Peabody Mayor Ted Bettencourt

FILE PHOTO

Mayor Ted Bettencourt focused on concern about what impact the project will have on the Independent Greenway, the town’s beloved bike path, and the neighborhood in which the pipeline will be built. 

PEABODY — When 120 people filled City Hall Tuesday night for a meeting to discuss the installation of a Tennessee Gas pipeline in West Peabody, a united front was presented. The overwhelming sentiment: We don’t want it.

The project, called the Northeast Energy Direct project, is being proposed by the Kinder Morgan Co., which provides the mechanisms to supply natural gas from their customers, such as National Grid, to their customers’ consumers. According to the company, a “dramatic” increase in demand for natural gas has created a need for additional pipeline infrastructure.

The new pipeline will expand an existing line from Dracut through Middleton and West Peabody into Danvers. Right now the project is only in a discussion stage, with company representatives discussing the situation with local representatives and community members.

After Steve Keady and Mike Lennon, two representatives from Kinder Morgan, gave a presentation about the pipeline, the first wave of opposition came from the mayor of Peabody himself, Edward Bettencourt Jr.

Reading a letter he sent to the Federal Energy Regulatory Commission, Bettencourt focused on concern about what impact the project will have on the Independent Greenway, the town’s beloved bike path, and the neighborhood in which the pipeline will be built. 

Greg Bunn, a resident of Trask Road, stood up next to voice his concerns. He mentioned that to his knowledge, there is no dire need for additional gas resources, and it won’t serve any purpose for Peabody residents.

“People in Peabody will shoulder the burden without reaping potential benefits,” said Bunn, adding that property values will likely go down and there’s a huge risk to public safety. 

The lack of direct benefits to Peabody residents, the damage it could do to the bike path and the Ipswich River — the town’s water supply — and the potential for a devastating explosion were the three main points brought up in additional speeches condemning the project, with some citing past examples of pipeline explosions.

Council woman Anne Manning-Martin went so far as to accuse the Kinder Morgan representatives of simply going through the motions with their presentation and insisted that, if they were in the townspeople’s position, they wouldn’t want the pipeline either. 

In their presentation and responses to the concerns expressed, Keady and Lennon claimed that Peabody would benefit from the project, citing a hike in tax revenue for the town — in the amount of $25 million, though they later said that was the statewide total — the creation of 3,000 union jobs, and that it would provide a longtime energy line for residents, should they chose to convert to natural gas.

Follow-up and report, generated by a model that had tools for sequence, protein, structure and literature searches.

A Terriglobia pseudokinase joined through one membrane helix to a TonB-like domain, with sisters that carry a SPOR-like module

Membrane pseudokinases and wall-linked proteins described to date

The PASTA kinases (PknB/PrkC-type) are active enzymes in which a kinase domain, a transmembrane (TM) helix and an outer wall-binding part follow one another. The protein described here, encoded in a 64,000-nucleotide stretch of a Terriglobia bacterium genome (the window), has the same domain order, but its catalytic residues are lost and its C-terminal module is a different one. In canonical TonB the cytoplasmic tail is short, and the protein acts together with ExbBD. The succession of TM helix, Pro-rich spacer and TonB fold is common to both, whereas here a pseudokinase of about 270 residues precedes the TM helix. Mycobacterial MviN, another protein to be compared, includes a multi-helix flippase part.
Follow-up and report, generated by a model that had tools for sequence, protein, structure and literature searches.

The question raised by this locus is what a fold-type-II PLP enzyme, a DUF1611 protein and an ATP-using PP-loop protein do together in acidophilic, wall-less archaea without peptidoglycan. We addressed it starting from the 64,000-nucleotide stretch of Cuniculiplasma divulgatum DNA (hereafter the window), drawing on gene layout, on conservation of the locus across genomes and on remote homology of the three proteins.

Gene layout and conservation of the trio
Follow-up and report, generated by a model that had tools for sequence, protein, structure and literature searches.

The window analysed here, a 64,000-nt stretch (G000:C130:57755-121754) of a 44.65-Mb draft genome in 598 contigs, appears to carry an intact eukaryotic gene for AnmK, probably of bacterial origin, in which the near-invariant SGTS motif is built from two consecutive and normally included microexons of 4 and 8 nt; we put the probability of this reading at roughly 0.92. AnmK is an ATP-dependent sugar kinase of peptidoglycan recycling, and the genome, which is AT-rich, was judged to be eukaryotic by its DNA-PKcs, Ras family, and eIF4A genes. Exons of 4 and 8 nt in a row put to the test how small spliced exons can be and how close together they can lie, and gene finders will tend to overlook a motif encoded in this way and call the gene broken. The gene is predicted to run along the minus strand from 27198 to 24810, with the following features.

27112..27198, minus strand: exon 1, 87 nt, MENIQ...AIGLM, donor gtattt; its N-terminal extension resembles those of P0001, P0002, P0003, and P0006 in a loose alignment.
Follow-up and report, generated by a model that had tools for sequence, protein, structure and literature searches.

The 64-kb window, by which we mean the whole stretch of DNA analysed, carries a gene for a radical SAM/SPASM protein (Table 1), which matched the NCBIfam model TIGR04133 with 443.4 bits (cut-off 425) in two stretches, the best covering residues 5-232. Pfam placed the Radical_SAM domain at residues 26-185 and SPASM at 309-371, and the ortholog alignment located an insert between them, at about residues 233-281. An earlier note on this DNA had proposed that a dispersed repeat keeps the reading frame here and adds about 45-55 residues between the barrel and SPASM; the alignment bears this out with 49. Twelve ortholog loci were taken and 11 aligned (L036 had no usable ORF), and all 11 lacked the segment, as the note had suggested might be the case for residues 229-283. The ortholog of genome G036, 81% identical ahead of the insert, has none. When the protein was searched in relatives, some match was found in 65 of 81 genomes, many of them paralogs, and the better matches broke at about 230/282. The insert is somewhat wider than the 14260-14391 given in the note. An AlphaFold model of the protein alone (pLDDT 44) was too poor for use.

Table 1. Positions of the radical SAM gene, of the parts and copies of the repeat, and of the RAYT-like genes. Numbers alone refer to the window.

Regarding the notion that Peabody residents wouldn’t actually get access to the gas in the pipeline, the representatives said that is something to be discussed with National Grid. As residents kept returning to that question and repeated past negative experiences with National Grid, it underscored another point that came out of the meeting: National Grid needs to be involved in the discussion. 

In defense of the resident’s disapproval of where the pipeline would be placed — next to the bike path, near the Ipswich River and an active quarry — Lennon repeatedly assured people that Kinder Morgan was open to discussion about where the route should be. He insisted that the route is not set in stone and it’s his and his team’s job to work with local representatives and community members to figure out exactly where the best place for the pipeline would be.

Still, the audience was not swayed. 

State Rep. Ted Speliotis and Councilman Joel Saslaw pointed out that no matter where the line goes, someone will be adversely affected.

“In my good conscience, I won’t sell out the people who will have to deal with fracking, and methane, and drinking water that lights up if you take a match to it,” said Saslaw. “It’s un-American to support it; I won’t sell out my neighbors.”

The meeting ended with fierce words from Mitchell Cole, a resident of Glen Drive, the neighborhood most affected by the path of the pipeline as it is currently sited. 

“Don’t give me puppy-dog eyes; I’m not going to be polite,” he said loudly toward the Kinder Morgan representatives. “Get the [expletive] out of here. Go back to Texas, we don’t want the [expletive] pipeline.”

In response, Lennon only asked once more that the residents and town officials be open to further discussions. 

Further discussions will be essential as the project continues to develop, before anyone from Peabody will be ready to get on board.

Staff writer Amanda Ostuni can be reached at 978-338-2660 or aostuni@salemnews.com.

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